The battle of the tablets goes nuclear: Amazon sells its Fire for less than it costs to produce. Christmas sales helped the Fire catch fire. Nook has a terrific touch-screen reader for about $100. The question is: What can Apple do in the post-Steve Jobs era to maintain its hold on the market. It’s $499 pricetag is too steep to hold onto its market share for long. Will Apple produce a iPadlet for $100? Or cut the price by $100 or so while adding irresistible features? What would Steve do?

The 2012 election gets so Orwellian that any honesty creates a backlaslh: Already, the level of sludge and distortion is breathtaking. Rick Perry’s “Oops” and Herman Cain’s “Hmmm, Libya, Libya…” moments got all the press. But this election will cost billions and the media are fragmented like never before. That is the recipe for distortions that will make George Bush Sr.’s Willie Horton ads look like Masterpiece Theater. Of course, we all know that negative ads work. We are wired, as a species, to care more about mortal danger than beautiful vistas — not to mention complicated truth. Both candidates — presumably Barack Obama and Mitt Romney — will dish out lies until someone corners them with a gotcha moment. Then the faux virtue of the other side will get good press for a while.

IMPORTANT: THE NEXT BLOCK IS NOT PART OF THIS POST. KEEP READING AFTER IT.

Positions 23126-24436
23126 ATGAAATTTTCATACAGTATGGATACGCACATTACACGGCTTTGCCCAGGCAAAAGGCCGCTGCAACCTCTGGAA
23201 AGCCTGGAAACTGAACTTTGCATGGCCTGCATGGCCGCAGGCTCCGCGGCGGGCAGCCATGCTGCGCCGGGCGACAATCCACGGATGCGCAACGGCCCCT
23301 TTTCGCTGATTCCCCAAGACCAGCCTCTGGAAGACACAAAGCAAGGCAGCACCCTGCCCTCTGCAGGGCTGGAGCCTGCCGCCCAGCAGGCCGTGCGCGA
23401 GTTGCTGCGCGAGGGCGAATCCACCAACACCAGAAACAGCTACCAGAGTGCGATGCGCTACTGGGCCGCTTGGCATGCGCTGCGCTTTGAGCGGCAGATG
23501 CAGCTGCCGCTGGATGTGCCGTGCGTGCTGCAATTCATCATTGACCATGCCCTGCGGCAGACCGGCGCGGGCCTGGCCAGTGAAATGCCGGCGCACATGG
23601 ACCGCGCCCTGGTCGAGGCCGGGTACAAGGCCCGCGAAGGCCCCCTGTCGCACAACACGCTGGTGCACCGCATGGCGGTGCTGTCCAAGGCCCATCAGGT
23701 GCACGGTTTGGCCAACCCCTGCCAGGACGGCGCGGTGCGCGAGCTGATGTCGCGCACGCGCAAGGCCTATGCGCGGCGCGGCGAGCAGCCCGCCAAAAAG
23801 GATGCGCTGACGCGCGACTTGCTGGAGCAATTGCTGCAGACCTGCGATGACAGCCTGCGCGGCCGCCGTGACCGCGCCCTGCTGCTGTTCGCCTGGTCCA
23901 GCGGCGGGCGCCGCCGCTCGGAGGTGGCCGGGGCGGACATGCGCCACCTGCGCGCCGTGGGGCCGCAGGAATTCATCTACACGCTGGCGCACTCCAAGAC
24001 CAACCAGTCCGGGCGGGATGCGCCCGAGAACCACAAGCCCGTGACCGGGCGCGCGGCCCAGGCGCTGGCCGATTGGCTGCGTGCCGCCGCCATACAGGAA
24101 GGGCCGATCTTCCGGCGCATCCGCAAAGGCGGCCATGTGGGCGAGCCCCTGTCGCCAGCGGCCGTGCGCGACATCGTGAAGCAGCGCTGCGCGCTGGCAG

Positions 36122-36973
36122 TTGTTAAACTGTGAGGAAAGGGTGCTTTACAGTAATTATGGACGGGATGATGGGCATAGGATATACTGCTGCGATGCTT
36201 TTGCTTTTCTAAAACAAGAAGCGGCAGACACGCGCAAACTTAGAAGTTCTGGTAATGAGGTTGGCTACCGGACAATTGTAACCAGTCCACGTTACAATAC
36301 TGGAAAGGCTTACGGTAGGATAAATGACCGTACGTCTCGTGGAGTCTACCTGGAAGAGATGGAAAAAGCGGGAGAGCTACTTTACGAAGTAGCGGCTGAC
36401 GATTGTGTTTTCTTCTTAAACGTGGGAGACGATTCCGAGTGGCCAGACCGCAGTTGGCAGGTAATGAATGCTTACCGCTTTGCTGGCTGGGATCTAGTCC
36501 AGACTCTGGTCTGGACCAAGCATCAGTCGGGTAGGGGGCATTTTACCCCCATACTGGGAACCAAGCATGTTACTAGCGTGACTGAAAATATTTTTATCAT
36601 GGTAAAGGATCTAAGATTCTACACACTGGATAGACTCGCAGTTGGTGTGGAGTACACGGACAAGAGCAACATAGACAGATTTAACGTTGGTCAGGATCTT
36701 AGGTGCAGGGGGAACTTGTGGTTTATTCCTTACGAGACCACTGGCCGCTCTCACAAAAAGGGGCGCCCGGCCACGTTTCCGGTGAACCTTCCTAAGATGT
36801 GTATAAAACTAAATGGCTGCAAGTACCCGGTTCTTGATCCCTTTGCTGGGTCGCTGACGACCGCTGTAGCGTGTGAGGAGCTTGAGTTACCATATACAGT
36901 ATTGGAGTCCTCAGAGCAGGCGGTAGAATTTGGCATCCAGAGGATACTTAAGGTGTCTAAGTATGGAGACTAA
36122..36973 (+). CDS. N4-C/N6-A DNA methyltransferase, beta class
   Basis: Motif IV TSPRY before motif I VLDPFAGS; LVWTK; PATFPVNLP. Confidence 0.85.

Miniaturization comes to the Silver Screen: This was the year of the first full-length feature film produced completely on a smartphone. Olive, shot with a Nokia N8, might not win any awards. But it’s getting a theatrical release. And its very existence underscores just how democratized the movie business could become. The mini-cinema — minema, anyone? — will continue to transform Vid Nation. The greatest impact could be on non-film industries . . . like journalism or smartphones, for example. Good journalism operations, for example, will deploy the smartphone as a central part of their work. Now, can Nokia get a bump? Naaaah.